In earlier posts, we have featured strategies to help beginning and intermediate language learners. In this piece, we will focus on our Proficient and Above Proficient students. These students have great comprehension and near-native speaker skills in the new languagae. They may even be considered proficient on language exams. However, although ostensibly functioning as native speakers, these students may still be developing their academic language as it takes 5-7 years to achieve native-like academic language skills. Here are some strategies you can try with them:
- Ask how and why questions.
- Check for understanding by asking students to explain something they have read or heard, or what an assignment means.
- Ask students to engage in compare and contrast activities.
- Ask students to tell what would happen if …
- Ask student what they would recommend …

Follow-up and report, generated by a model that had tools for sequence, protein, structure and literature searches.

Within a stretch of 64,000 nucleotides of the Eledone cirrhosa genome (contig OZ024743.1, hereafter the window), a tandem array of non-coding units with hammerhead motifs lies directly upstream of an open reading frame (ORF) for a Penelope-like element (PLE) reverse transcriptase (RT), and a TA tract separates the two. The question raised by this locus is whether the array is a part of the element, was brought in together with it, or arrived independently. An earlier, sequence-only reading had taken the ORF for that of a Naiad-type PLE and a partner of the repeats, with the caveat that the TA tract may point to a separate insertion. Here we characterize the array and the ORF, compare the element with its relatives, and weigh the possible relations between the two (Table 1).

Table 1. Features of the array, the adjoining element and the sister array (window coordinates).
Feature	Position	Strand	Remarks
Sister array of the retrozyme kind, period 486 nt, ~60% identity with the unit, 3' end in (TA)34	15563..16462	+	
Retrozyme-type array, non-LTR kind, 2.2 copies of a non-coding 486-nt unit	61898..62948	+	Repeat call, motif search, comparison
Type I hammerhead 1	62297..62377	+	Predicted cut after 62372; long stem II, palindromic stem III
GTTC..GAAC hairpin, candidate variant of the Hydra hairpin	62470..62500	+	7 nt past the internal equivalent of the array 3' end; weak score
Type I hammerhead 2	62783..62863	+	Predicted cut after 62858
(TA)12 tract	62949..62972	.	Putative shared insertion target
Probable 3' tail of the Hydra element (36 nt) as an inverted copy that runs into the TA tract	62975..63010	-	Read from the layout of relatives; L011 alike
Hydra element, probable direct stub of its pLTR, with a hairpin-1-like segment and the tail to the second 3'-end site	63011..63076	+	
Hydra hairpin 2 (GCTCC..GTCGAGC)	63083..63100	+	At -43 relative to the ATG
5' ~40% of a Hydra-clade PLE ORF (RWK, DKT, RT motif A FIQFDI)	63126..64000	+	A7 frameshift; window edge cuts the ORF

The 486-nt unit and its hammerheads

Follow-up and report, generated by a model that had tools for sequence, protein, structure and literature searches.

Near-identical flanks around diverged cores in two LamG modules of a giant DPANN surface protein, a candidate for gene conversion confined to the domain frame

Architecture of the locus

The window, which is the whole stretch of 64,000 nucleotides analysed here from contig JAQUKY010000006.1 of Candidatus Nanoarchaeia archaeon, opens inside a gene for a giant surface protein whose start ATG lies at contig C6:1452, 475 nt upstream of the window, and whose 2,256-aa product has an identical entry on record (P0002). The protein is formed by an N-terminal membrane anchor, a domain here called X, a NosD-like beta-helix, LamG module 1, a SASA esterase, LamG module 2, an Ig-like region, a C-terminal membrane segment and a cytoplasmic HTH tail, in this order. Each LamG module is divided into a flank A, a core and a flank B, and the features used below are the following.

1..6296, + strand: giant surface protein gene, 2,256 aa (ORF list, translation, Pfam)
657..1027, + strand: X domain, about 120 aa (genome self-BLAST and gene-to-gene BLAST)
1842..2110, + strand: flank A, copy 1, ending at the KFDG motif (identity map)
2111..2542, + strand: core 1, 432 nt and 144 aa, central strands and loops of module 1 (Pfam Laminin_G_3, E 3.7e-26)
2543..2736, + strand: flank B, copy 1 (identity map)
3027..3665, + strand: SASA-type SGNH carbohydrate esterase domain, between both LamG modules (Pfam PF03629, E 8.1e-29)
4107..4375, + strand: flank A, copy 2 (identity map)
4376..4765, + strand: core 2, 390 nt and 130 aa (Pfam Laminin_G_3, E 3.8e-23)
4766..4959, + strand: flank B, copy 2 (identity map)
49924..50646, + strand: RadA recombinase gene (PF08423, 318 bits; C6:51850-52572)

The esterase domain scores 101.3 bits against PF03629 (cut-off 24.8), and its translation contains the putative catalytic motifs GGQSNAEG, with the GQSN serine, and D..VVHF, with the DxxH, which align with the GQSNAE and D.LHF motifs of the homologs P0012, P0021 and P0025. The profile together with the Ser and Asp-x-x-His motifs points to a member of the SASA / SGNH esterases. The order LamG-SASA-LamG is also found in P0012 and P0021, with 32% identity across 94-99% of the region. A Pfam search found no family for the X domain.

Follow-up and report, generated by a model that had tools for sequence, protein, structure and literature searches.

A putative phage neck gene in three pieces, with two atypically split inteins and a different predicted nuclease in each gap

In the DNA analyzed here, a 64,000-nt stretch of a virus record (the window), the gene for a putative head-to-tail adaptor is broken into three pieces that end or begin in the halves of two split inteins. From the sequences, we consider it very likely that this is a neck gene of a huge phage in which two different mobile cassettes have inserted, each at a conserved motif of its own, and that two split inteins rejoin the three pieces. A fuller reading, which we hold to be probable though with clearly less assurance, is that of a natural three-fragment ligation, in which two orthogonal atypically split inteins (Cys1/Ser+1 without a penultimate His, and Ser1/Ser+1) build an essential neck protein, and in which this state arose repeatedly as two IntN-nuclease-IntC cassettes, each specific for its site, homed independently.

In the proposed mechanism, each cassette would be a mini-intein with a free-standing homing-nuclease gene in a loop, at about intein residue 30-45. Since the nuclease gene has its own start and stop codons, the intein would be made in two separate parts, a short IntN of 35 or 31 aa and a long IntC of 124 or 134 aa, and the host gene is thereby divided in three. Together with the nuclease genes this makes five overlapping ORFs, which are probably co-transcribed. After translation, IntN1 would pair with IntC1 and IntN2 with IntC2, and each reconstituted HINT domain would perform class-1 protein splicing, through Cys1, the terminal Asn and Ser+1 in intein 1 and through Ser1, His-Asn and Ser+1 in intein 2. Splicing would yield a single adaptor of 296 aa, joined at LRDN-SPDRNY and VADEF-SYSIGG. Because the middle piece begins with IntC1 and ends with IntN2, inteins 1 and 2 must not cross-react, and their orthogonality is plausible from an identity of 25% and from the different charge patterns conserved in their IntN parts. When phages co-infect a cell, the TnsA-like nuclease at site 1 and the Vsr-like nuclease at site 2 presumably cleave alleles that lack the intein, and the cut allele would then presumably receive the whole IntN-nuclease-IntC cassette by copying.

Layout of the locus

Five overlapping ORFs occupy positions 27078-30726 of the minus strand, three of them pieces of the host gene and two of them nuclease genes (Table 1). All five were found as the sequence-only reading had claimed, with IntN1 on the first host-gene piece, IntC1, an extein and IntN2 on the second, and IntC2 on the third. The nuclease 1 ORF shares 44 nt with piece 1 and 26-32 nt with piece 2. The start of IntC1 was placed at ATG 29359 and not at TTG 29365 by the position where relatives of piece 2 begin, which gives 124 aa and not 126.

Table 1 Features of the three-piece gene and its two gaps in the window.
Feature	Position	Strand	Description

- Pay attention to cultural differences when studying literature. Students may make different inferences than their peers due to their own cultural backgrounds.
General Teaching Strategies:
- Check for understanding of academic vocabulary.
- Encourage students to speak in complete sentences.
- Provide students a list of target words for each unit of study.
- Explain difficult vocabulary, idioms, and homonyms.
- Explain sources of humor. Humor is the last thing to come in a new language.
- Assist with syntax and word usage in writing.
- Provide access to academic assistance at school.
- Explicitly teach Tier II words such as “however,” “moreover,” and “albeit” in English or “sin embargo,” “por lo tanto,” and “a pesar de” in Spanish.
- Encourage the use of monolingual dictionaries.